Jan van Rijckenborgh was born in 1896 in Haarlem, The Netherlands, in an orthodox reformed family. In 1968, he died in Santpoort, near Haarlem. As an adolescent, he already showed a great interest in religious issues, particularly in the practical application of religion in everyday life. The hypocrisy and untruthfulness of many people around him -- being pious on Sunday, but living unscrupulously during the rest of the week, deceiving their neighbours and occupying themselves with gossip and slander -- but also the great emptiness he observed in the theologians of his days, ultimately alienated him from the church.
Realistic theology of De Hartog
However, there was one theologian, Prof. Dr. A H de Hartog (1869-1938), whose ideas went far beyond the prevalent orthodoxy of the Dutch churches of those years. He had a demonstrable influence on Van Rijckenborgh. At the time, De Hartog introduced a Realistic Theology. Because he believed in reality, he wanted to face reality. He emphasised a rational faith and a rational worship and based his teachings on, among other things, Romans 12:1, which states that the new life is the true sacrifice. De Hartog was a fiery speaker who was able to touch people's hearts. Everywhere he preached in The Netherlands, the churches were overflowing and Van Rijckenborgh was also among his audience. De Hartog often debated with the leaders of the labour party of those days. He was known as a liberal preacher, whose thoughts covered a wide range of topics. He was also one of the cofounders of the International School of Philosophy in Amersfoort, an institution for studies of comparative religion and culture.
All these matters strongly appealed to the young Van Rijckenborgh, because he was fervently seeking the spiritual depth of human existence. In turn, De Hartog was, to a certain extent, influenced by the philosopher Eduard von Hartmann (1842-1906), the author of Philosophie des Unbewussten (Philosophy of the Unconscious). From this book, De Hartog derived the insight that there is a reality outside of a human being that can be known by him, and hence is a reality. But the human representation of this reality does not coincide with this reality. This is why De Hartog thought that a 'primordial principle' underlies everything that exists and can be observed, a Primordial Power behind the existence of everything, including the human spirit.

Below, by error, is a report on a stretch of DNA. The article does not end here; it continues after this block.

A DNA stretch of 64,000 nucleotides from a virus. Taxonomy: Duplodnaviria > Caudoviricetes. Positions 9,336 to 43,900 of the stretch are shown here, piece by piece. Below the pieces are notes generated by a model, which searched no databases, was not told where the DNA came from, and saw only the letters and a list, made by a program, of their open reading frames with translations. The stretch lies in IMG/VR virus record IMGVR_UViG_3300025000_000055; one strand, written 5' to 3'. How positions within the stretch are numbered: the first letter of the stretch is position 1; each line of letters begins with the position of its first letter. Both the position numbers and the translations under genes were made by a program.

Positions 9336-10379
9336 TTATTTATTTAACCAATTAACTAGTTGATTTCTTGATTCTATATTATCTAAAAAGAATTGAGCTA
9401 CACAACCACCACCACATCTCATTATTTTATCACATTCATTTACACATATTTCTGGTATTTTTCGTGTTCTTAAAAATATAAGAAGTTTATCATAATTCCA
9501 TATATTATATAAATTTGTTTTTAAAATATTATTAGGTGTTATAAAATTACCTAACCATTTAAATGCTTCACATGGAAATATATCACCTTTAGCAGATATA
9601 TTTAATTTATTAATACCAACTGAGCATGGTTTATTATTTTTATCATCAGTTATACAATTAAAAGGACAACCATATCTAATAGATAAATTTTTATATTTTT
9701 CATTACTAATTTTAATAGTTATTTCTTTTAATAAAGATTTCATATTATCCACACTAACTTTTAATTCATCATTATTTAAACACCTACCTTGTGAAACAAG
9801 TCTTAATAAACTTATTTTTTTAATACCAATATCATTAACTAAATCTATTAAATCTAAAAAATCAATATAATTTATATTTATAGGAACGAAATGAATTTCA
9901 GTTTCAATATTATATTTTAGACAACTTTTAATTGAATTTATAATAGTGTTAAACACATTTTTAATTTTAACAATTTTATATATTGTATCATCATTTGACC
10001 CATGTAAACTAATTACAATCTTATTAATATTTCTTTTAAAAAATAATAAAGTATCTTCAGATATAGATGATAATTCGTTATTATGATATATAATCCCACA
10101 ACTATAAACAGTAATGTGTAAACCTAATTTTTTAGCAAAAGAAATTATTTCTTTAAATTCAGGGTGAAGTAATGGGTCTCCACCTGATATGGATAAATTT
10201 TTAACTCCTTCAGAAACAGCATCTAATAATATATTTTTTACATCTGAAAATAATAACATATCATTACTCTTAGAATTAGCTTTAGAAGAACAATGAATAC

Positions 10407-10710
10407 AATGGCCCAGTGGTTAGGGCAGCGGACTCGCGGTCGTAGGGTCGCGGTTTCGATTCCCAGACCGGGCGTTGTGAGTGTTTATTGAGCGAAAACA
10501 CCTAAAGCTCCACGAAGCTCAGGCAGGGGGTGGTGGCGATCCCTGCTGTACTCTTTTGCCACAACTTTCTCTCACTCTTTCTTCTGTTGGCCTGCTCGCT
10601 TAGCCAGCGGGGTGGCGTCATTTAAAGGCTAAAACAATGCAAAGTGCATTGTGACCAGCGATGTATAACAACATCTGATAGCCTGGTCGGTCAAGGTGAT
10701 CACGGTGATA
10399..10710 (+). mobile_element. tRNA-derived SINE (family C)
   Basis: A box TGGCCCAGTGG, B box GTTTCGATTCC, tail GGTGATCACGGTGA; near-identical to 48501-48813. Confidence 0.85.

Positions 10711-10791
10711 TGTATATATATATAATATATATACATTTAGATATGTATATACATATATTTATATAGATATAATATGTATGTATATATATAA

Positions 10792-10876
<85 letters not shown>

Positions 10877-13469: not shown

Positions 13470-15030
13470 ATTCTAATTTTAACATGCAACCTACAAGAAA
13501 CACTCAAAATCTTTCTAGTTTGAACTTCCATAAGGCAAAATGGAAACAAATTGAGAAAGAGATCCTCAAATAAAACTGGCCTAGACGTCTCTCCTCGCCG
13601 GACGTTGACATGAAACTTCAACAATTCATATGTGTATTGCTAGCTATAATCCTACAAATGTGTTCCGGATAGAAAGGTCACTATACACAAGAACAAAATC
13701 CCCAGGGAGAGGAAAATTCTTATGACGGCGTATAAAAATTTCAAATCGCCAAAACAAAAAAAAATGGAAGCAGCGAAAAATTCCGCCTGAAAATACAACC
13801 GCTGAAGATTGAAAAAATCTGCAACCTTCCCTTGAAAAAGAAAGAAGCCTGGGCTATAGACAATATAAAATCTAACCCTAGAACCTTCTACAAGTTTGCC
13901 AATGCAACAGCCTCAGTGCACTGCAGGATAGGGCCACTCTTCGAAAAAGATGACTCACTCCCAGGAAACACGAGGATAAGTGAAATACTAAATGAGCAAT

This thought goes back to Jacob Böhme's 'Ungrund', via Schelling's Über das Wesen der menschlichen Freiheit (On the essence of human freedom, 1809). De Hartog was also very interested in Böhme, as can be seen from his booklet Uren met Böhme (Hours with Böhme), in which he makes a selection from Böhme's works. In this way, Van Rijckenborgh became acquainted with Böhme's two nature orders (Aurora). Later, in the 1930's, he himself published a Dutch translation of Aurora. In the introduction to this publication he wrote: 'In Uren met Böhme by the late professor De Hartog, we see, for example, Böhme appear as a philosopher by the grace of God. But he takes care that the most profound basis of Böhme's thoughts, esotericism, is not mentioned. And the same applies to many others. Yet, we are grateful that Böhme's name -- albeit besmirched -- has been handed down as a philosopher par excellence. How can this love be explained, we might ask. We think that it can be explained on the basis of the magical power of Böhme's unwavering faith, which testifies to such immeasurable knowledge and wondrous certainty that it can touch countless people. We know and testify that this refers to the power of faith arising from the imperishable fount of esoteric Christianity. This is why we are submitting a translation of Böhme's masterwork Aurora or the Rising Dawn. We are convinced that a new wave of interest will arise, now flowing in the direction of Böhme's sympathizers who are freely offering his wisdom, in a modern garment, to the world again.'
The world has become a house of darkness...
In Böhme's works, Van Rijckenborgh found confirmation of the two nature orders as described in Aurora, judging by the following quote: 'The entire house of this world, which is standing in the visible and comprehensible being, is the house of God, or the old body, which existed in heavenly purity before the time of wrath. However, when the devil kindled the wrath in it, it became a house of darkness and death. This is why the holy birth of God was separated from wrath as an individual body, and why the best part of Heaven was placed between love and wrath, so that the birth of the stars is in the middle. But in such a way that their outer form is standing in the wrath of death; and together with the birth, which is lost in it and has its seat in the middle, where heaven is closed, it exists in the meekness of life. Meekness surges against wrath and wrath against meekness, and in this way they form two different realms in the same body of the world...
The heavens were closed, so that the new life could have all powers and effects, just as the old life had possessed them before the time of wrath, and so that it with the pure Deity outside this world, would have the same quality and be one holy God with the Deity outside of this world.'
Gnostic thought spanning the ages